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Sunday, 14th April 2024
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Taoiseach’s response to over-regulation welcomed Back  
Both industry and professional services sources have offered a warm welcome to the Taoiseach’s plan to re-assess the controversial Section 45. This response reflects growing concerns about Ireland’s onerous regulatory regime amongst industry, in the face of increasing media criticism about a lack of regulation.
The Taoiseach Bertie Ahern’s announcement on Thursday, April 21st, that the Companies Act directors’ compliance statements are being referred to the Company Law Review Group (CLRG) for review, has been warmly welcomed by the industry. He indicated that the proportionality, efficacy and appropriateness of Section 45 would be reviewed.

Gay Mitchell, one of two Irish representatives on the European Parliament's Economic and Monetary Committee, made clear that 'Finance Dublin' will be a core part of his brief.

The move comes in the face of recent reports in the international and domestic media depicting Ireland as the ‘Wild West’ of the financial services world, which have raised the ire of the Irish financial services industry, at a time when the industry is battling against decreasing competitiveness due to over-regulation.

Speaking at the 6th Annual Finance Dublin Conference held on April 5th, 6th, Liam O’Reilly, CEO of IFSRA, addressed both of these issues. He defended Ireland’s regulatory regime by saying, ‘we pride ourselves in matching best international practice in all aspects of financial regulation’. And he acknowledged the industry’s concerns with respects to over-regulation, saying that IFSRA, ‘will not introduce or impose unnecessary regulatory burdens that will effect the continued competitiveness of our financial industry and will minimise the impact of such burdens coming from Europe’.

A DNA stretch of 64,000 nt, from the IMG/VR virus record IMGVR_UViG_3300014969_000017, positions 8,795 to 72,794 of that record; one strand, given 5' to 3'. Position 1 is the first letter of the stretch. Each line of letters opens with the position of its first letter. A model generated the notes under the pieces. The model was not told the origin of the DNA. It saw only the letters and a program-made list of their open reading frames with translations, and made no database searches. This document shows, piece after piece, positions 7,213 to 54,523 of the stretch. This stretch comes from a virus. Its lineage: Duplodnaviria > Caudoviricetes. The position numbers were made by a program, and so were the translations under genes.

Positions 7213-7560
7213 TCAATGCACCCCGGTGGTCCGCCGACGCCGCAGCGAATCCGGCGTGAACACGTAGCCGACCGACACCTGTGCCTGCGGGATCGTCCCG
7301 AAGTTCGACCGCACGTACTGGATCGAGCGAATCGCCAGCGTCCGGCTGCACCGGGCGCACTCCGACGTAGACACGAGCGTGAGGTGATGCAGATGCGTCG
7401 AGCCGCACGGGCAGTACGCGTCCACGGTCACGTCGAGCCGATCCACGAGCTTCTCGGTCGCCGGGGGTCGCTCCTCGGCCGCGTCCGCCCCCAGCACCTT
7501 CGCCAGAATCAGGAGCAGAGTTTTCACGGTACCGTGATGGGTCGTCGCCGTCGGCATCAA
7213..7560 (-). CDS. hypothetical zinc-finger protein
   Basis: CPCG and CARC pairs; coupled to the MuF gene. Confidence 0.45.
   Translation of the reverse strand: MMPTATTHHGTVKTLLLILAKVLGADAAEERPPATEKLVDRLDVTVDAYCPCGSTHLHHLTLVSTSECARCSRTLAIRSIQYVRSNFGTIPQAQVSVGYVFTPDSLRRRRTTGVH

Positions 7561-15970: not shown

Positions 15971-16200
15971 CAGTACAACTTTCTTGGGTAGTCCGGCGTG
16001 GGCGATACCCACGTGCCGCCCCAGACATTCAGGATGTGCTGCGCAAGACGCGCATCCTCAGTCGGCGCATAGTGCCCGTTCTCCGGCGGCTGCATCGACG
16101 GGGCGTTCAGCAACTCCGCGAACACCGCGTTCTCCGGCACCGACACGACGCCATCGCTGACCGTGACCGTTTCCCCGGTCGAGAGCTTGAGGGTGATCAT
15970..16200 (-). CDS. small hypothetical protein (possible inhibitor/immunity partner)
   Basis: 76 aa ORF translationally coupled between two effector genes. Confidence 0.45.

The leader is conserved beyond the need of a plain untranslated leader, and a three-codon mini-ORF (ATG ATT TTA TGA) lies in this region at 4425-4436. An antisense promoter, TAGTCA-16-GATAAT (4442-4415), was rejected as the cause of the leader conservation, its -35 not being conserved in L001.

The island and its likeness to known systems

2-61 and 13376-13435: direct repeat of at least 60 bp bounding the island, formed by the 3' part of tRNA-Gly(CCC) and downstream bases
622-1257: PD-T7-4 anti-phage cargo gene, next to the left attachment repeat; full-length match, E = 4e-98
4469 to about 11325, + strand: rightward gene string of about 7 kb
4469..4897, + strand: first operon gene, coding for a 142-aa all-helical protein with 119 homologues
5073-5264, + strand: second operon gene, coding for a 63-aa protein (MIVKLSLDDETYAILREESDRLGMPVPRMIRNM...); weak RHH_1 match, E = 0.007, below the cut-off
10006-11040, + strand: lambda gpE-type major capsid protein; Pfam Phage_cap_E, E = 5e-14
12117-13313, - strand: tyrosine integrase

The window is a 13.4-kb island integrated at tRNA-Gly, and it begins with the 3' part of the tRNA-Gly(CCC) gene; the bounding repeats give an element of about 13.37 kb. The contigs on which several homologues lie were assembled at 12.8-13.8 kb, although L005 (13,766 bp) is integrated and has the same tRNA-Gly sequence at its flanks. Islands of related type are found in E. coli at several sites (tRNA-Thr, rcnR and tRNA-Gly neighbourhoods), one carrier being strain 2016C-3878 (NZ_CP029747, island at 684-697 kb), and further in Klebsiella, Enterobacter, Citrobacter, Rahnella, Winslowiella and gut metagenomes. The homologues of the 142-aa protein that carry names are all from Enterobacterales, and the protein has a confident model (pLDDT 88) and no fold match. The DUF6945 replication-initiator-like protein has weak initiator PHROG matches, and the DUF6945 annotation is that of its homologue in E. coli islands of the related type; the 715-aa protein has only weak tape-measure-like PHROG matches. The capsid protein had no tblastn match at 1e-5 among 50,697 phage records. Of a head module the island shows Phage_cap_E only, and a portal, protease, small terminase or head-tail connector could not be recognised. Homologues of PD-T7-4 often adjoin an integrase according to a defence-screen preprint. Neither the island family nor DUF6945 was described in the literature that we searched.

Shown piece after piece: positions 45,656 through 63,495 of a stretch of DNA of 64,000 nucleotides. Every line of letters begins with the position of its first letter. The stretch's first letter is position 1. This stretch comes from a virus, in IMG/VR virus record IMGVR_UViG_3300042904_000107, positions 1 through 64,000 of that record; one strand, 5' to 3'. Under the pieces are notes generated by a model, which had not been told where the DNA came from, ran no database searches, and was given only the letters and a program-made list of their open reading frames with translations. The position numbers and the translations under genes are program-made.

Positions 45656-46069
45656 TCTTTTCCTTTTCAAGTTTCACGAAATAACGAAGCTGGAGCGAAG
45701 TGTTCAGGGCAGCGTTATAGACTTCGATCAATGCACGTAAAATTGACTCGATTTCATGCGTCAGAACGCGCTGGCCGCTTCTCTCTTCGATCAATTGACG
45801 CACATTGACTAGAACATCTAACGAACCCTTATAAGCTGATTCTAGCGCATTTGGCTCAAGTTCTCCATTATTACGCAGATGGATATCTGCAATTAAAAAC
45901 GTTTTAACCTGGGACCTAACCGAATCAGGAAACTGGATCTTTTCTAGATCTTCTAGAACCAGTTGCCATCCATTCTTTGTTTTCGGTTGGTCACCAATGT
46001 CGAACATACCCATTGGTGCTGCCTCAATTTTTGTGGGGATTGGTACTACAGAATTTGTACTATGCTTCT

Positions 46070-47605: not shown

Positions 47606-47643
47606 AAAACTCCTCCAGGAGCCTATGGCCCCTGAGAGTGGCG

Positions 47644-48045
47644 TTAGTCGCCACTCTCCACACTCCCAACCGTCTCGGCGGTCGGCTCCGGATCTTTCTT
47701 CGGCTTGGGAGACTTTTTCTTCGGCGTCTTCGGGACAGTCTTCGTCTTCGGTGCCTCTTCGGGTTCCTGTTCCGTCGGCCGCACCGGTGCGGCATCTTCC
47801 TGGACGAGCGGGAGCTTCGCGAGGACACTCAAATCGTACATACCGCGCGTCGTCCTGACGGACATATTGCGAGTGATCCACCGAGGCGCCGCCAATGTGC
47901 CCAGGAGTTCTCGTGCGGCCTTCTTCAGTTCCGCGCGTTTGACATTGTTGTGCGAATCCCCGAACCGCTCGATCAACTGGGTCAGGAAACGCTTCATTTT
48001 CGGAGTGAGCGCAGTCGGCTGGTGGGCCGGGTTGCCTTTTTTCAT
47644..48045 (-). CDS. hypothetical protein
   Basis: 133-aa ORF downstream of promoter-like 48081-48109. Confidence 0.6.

Key to the industry’s over-regulation concerns is the recently released ‘Fitness & Probity of Directors’ consultation process launched by the IFSRA. Also speaking at the event, Dermot Cahillane, managing director of Depfa Bank, called on the regulator to ‘scrap’ the new regime, saying that it could have a major effect on people’s perceptions of Ireland as a place to do business, and that it is a ‘layer of compliance we don’t need’. He added that the questionnaire based approach has the capacity to make it more difficult for Depfa to do their business, particularly as Depfa has several international branches.

The consultation process, which aims to develop a framework of standards for testing the competence and probity of directors and senior managers of financial services firms, will come to an end in mid-June.

And speaking on April 6th, David Went, group chief executive of Irish Life & Permanent plc, said that, ‘My concern is that after a period of pretty relentless criticism, we’re coming closer to a tipping point where the cumulative effect could begin to influence the attitude of international institutions towards the sector’.

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